One of the more unusual ensembles doing the rounds in East London is Breathing Space, a five-piece choral group whose site specific performances combine field recordings and soundscapes with contemporary classical elements.
Describing themselves as a “sound art performance collective”, Breathing Space formed two years ago when four East London-based friends came together to perform at Cody Dock in Canning Town for an art project.
The performance saw the singers floating on the dock inside a geodesic dome, and since then they have tried to keep their performances site-specific.
“We respond to each project as it comes along rather than spending lots of time writing lots of different material,” says composer and singer Hannah White.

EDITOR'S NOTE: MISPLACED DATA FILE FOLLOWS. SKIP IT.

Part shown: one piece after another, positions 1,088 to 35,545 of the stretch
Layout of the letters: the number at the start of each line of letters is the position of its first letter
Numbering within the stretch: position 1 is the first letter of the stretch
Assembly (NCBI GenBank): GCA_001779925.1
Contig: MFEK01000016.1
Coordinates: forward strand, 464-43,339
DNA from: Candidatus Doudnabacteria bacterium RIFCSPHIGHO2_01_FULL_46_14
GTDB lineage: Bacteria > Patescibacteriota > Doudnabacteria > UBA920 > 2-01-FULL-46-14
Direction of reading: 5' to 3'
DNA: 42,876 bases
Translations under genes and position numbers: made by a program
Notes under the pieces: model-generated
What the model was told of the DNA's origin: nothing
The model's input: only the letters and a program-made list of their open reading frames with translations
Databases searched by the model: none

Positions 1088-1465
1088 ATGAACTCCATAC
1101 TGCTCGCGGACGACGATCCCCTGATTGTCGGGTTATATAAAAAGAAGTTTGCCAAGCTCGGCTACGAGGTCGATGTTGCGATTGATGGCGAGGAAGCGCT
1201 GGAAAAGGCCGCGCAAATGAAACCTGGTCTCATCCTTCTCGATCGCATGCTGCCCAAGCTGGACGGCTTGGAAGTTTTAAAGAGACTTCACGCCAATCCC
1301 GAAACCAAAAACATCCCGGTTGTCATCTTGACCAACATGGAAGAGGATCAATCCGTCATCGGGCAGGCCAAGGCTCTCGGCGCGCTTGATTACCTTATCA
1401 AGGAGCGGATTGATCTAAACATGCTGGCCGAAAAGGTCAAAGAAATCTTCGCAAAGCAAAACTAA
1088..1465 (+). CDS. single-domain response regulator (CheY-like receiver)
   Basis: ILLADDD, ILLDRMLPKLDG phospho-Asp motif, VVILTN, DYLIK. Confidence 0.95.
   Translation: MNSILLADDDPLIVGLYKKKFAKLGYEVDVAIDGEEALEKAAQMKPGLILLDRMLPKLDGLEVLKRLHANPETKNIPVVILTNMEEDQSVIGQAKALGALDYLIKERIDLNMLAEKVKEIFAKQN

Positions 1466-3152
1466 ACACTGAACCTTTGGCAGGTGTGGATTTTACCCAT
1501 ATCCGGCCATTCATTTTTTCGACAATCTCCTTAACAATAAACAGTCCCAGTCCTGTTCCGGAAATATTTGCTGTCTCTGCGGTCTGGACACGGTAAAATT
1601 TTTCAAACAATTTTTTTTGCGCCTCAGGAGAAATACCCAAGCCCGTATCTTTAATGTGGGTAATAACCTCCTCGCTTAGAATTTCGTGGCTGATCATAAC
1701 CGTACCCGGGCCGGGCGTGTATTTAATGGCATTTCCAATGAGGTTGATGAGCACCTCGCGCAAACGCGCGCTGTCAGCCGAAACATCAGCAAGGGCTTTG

A recent performance at Servants Jazz Quarters in Dalston saw four members of the group perform a piece called ‘Worm’, based on clips of speeches by well-known philosophers.
Sound artist Stephen Shiell, who makes the soundscapes and field recordings that underpin the group’s sound, used the clips to create a soundscape, which served as the basis for the composition.
“A lot of it we develop through improvisation, so with that piece, by the time we did it we had a structure but were still improvising on the night.
“We developed the vocals and lyrics using certain quotes from philosophers. The main one was from George Bataille when he talks about pleasure only starting when the worm is inside the fruit, and then there was Marcel Duchamp’s ‘I force myself to contradict myself in avoid conforming to my own taste’.
“We chose those because they resonated with us and the feelings that we had so I guess that is part of the process.”
This month, on 23 May, Breathing Space will be returning to Cody Dock, a formerly derelict dock turned bustling ‘creative quarter’ for the lower Lea, to perform a new piece as part of the opening of the Line Sculpture Trail.
Called ‘Cody Word Walks’, the piece is an hour-long improvisation using field recordings from around the dock, and poems by Breathing Space’s Melaina Barnes.